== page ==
Richard Grundy, JOURNi CEO and cofounder, left, and Andre Ebron senior director, Diversity, Equity, and Inclusion at United Way, right, are helping local BIPOC-led organizations obtain critical funding to support community-based activities, center.
Photos courtesy of United Way
Local organizations will soon receive a financial boost after United Way for Southeastern Michigan recently announced the recipients of the second round of grant funding for Black-, Indigenous-, and people of color-led (BIPOC) groups.
Ranging between $10,000 and $75,000, the microgrants will help the organizations looking to focus on leadership, lifespan development, economics and reaching equity in emerging areas of the community, according to a press release.
The United Way for Southeastern Michigan Racial Equity Fund is designed to help all people experience authentic inclusion and have equitable access to resources and opportunities. Having already allocated $570,000 to the Racial Equity Fund, this additional funding puts the total support to date at nearly $1 million. The Fund was designed by a diverse and inclusive workgroup of community members during the summer and fall of 2021. The objective of the fund is to empower those most harmed by systemic oppression to thrive and reach their full potential.
“Our commitment to the communities we serve includes ensuring equitable access to training, support and tools that will set them up for success. Through all our grantmaking and work, we want to reflect the communities we serve,” said Tonya Adair, chief people, equity, and engagement officer, United Way for Southeastern Michigan. “We value all voices and want our entire community to be able to grow – together.”
The workgroup that developed The Racial Equity Fund was formed by the Centering Community Voice Blueprint, developed in collaboration with Detroit Future City. This blueprint proactively incorporates lived experience of the people they serve into United Way’s grantmaking process. Every aspect of their decision-making is prioritized by the lived experiences of the community. Funded organizations will provide programs and projects working toward eliminating racial disparities in pursuit of a more equitable and just community for everyone.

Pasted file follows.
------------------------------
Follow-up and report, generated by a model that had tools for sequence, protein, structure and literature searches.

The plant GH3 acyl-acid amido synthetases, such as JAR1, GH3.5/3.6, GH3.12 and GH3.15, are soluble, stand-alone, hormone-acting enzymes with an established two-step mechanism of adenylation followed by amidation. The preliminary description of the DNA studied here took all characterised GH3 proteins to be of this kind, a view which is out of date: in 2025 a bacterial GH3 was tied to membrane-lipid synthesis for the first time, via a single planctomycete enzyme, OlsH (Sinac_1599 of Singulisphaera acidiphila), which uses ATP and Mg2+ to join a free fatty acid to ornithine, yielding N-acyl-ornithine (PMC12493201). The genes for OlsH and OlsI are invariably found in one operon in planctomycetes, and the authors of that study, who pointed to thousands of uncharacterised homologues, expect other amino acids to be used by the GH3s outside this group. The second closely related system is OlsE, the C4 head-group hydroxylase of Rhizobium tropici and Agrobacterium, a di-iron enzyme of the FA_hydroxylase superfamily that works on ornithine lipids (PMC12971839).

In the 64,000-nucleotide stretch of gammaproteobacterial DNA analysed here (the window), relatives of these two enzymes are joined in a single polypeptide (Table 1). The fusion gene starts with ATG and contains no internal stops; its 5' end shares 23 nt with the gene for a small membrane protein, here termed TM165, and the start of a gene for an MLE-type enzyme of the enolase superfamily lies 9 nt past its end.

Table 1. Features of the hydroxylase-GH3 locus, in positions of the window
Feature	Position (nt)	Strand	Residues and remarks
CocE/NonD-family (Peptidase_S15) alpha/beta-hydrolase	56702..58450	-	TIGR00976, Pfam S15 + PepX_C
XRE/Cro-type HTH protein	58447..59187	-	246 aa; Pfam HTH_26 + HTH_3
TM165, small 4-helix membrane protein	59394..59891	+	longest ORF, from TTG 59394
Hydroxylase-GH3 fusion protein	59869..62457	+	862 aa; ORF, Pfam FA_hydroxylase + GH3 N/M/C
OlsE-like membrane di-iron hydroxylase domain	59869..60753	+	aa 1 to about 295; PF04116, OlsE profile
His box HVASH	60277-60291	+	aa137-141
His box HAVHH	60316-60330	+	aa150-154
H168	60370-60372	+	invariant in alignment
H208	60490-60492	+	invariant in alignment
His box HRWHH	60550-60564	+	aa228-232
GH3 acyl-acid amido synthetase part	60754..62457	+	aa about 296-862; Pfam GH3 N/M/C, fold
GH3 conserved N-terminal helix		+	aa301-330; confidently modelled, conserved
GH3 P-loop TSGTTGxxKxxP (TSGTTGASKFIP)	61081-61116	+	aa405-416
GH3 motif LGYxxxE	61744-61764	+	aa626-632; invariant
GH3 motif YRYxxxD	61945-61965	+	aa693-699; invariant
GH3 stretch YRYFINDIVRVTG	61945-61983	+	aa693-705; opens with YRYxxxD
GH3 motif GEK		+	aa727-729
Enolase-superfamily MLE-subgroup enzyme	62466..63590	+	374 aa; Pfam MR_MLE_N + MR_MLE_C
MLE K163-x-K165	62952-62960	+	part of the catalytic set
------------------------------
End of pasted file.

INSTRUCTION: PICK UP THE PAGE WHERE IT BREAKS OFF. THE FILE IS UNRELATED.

Members of the original workgroup were chosen by United Way for Southeastern Michigan’s Diversity, Equity, and Inclusion Team. Local organizations and community leaders with close ties to the community made the nine-week commitment to the discussion and selection process.
A list of the newly funded organizations supporting their proposed projects/efforts include:
- Black Leaders Detroit – Detroit
- Black to the Land Coalition – Redford
- Caught Up – Detroit
- Chaldean Community Foundation – Sterling Heights
- Clarence Phillips Ascend Organization – Pontiac
- Commonwealth of Faith – Redford
- FORGOT (Friends of Royal Oak Twp., Inc)– Royal Oak Twp.
- HAVEN – Pontiac
- JOURNi – Detroit
Andre Ebron, United Way’s senior director, Diversity, Equity, and Inclusion, told the Michigan Chronicle in a statement that he leads the DEI Department which is responsible for the creation of the Racial Equity Fund.
The fund came to fruition after the initial response of 125 applicants that expressed interest in funding.
They decided to invest an additional $430,000 of the MacKenzie Scott gift to support their second cohort of 10 organizations, beyond their inaugural cohort of 13 organizations.
“The diversity of these organizations, geographically and programmatically, are directly aligned to the priorities of the fund developed by the Racial Equity Fund Workgroup,” according to the article. “The increase of funding will bolster our organizational efforts to close equity gaps, dismantle and deconstruct barriers to equity, to build equitable communities of stable households and thriving children, and to empower residents in Southeastern Michigan to reach their full potential.”
Ebron added that the “biggest takeaway” people should know about the funding increase is geared toward positively impacting the lives of more residents in Southeastern Michigan through “diverse and meaningful programming designed by organizations in their community to meet their needs.”
“Another takeaway from the increase in funding is the inclusion of a capacity program that provides, during the contracting period, unlimited one-on-one coaching, peer-to-peer mentoring and a digital platform chock full of resources to assist with the organization’s growth, development and sustainability,” he said. “[These] are core elements of any organization’s systems and structure. The two cohorts will have access to this resource for a year, and they will also have the support of our DEI Team.”
Richard Grundy, JOURNi CEO and co-founder, told the Michigan Chronicle that his organization (a nonprofit dedicated to decentralizing access to technology for Detroit’s residents) is receiving funding to help support operations.
“We’re going to use the funding to help support some of the staff as well as to help fill the gaps for our summer programming,” Grundy said, adding that they have five summer programs this year. “This funding really came right on time for us and we’re grateful for the support from the United Way of Southeastern Michigan.”
Grantees from the first round of the Racial Equity Fund announced in February of this year include:
- APIA Vote
- Black Executive Director Alliance of Detroit (BEDAD)
- Birth Detroit –
- Chaldean American Ladies of Charity (doing business as) United Community Family Services
- Class Act Detroit
- Detroit Heals Detroit
- Developing Kingdoms in Different Stages (KIDS)
- E-Community Outreach Services
- Family Assistance for Renaissance Men
- Heritage Works
- The Michigan Hispanic Collaborative
- Turning Point
- Pontiac Community Foundation
To learn more about United Way for Southeastern Michigan’s Racial Equity Fund, visit https://unitedwaysem.org/about-us/equity-and-inclusion/.